–Life is indeed darkness save when there is urge,
And all urge is blind save when there is knowledge,
And all knowledge is vain save when there is work,
And all work is empty save when there is love.
Bob Dylan (folk singer, presidential candidate… maybe he’ll win in ’04?)
–Money doesn’t talk, it swears.
–This land is your land & this land is my land—sure—but the world is run by those that never listen to music anyway.
Mikhail Bakunin (anarchist)
—I am truly free only when all human beings, men and women, are equally free. The freedom of other men, far from negating or limiting my freedom, is, on the contrary, its necessary premise and confirmation.
Emma Goldman (anarchist, women’s suffragette)
The demand for equal rights in every vocation of life is just and fair; but, after all, the most vital right is the right to love and be loved.
William James (philosopher, genius)
–We have grown literally afraid to be poor. We despise anyone who elects to be poor in order to simplify and save his inner life. If he does not join the general scramble and pant with the money-making street, we deem him spiritless and lacking in ambition.
–The prevalent fear of poverty among the educated classes is the worst moral disease from which our civilization suffers.
–When we of the so-called better classes are scared as men were never scared in history at material ugliness and hardship; when we put off marriage until our house can be artistic, and quake at the thought of having a child without a bank-account and doomed to manual labor, it is time for thinking men to protest against so unmanly and irreligious a state of opinion.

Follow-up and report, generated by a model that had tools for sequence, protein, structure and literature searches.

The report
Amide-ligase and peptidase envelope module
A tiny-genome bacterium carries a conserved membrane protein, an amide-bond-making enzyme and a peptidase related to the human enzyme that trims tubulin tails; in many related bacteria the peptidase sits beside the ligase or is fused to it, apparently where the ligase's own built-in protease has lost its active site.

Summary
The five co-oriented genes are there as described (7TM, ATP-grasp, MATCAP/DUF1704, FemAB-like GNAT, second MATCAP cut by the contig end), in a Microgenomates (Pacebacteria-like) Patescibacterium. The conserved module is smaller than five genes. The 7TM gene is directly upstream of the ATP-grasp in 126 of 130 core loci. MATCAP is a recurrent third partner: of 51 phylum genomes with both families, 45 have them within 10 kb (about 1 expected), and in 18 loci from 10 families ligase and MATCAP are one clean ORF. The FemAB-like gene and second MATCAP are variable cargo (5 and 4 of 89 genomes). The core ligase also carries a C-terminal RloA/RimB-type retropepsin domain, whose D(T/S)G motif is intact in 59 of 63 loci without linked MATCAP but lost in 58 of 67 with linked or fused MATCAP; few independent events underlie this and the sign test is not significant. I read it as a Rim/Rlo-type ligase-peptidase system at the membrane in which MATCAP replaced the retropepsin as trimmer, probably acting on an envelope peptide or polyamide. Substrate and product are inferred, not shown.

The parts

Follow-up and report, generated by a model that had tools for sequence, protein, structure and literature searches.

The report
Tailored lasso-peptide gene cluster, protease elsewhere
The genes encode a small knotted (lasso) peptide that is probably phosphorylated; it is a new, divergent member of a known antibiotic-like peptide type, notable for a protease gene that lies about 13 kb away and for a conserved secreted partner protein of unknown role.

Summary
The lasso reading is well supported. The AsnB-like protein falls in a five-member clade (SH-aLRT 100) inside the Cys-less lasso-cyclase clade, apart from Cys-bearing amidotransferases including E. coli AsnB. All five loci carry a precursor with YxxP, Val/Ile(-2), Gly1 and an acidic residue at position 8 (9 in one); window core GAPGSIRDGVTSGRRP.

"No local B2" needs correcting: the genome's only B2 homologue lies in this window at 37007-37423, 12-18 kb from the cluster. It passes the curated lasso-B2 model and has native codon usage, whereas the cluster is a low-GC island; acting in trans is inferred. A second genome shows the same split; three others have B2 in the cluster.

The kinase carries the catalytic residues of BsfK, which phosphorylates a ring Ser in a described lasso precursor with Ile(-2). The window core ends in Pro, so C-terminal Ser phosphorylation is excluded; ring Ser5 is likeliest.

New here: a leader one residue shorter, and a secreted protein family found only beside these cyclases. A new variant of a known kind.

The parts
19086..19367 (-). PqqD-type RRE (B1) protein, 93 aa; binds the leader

John Ashbery (poet)
There is the view that poetry should improve your life. I think people confuse it with the Salvation Army.
Albert Camus (author, nihilist)
–We all carry within us our places of exile, our crimes, and our ravages. But our task is not to unleash them on the world; it is to fight them in ourselves and in others.
–Real generosity towards the future lies in giving all to the present.
–The society based on production is only productive, not creative.
–To insure the adoration of a theorem for any length of time, faith is not enough, a police force is needed as well.
–Men are never really willing to die except for the sake of freedom: therefore they do not believe in dying completely.
We used to wonder where war lived, what it was that made it so vile. And now we realize that we know where it lives, that it is inside ourselves.—7 sept 1939
–To assert in any case that a man must be absolutely cut off from society because he is absolutely evil amounts to saying that society is absolutely good, and no-one in his right mind will believe this today.
Jorge Luis Borges (argentinan poet, rad dude)
The truth is that we live out our lives putting off all that can be put off; perhaps we all know deep down that we are immortal and that sooner or later all men will do and know all things.
John Stuart Mill (philosopher, kind of crazy but has some beautiful ideas)
–If all mankind minus one, were of one opinion, and only one person were of the contrary opinion, mankind would be no more justified in silencing that one person, than he, if he had the power, would be justified in silencing mankind.
–The peculiar evil of silencing the expression of an opinion is, that it is robbing the human race; posterity as well as the existing generation; those who dissent from the opinion, still more than those who hold it. If the opinion is right, they are deprived of the opportunity of exchanging error for truth: if wrong, they lose, what is almost as great a benefit, the clearer perception and livelier impression of truth, produced by its collision with error. (I think he makes a beautiful argument for non-violent resistance)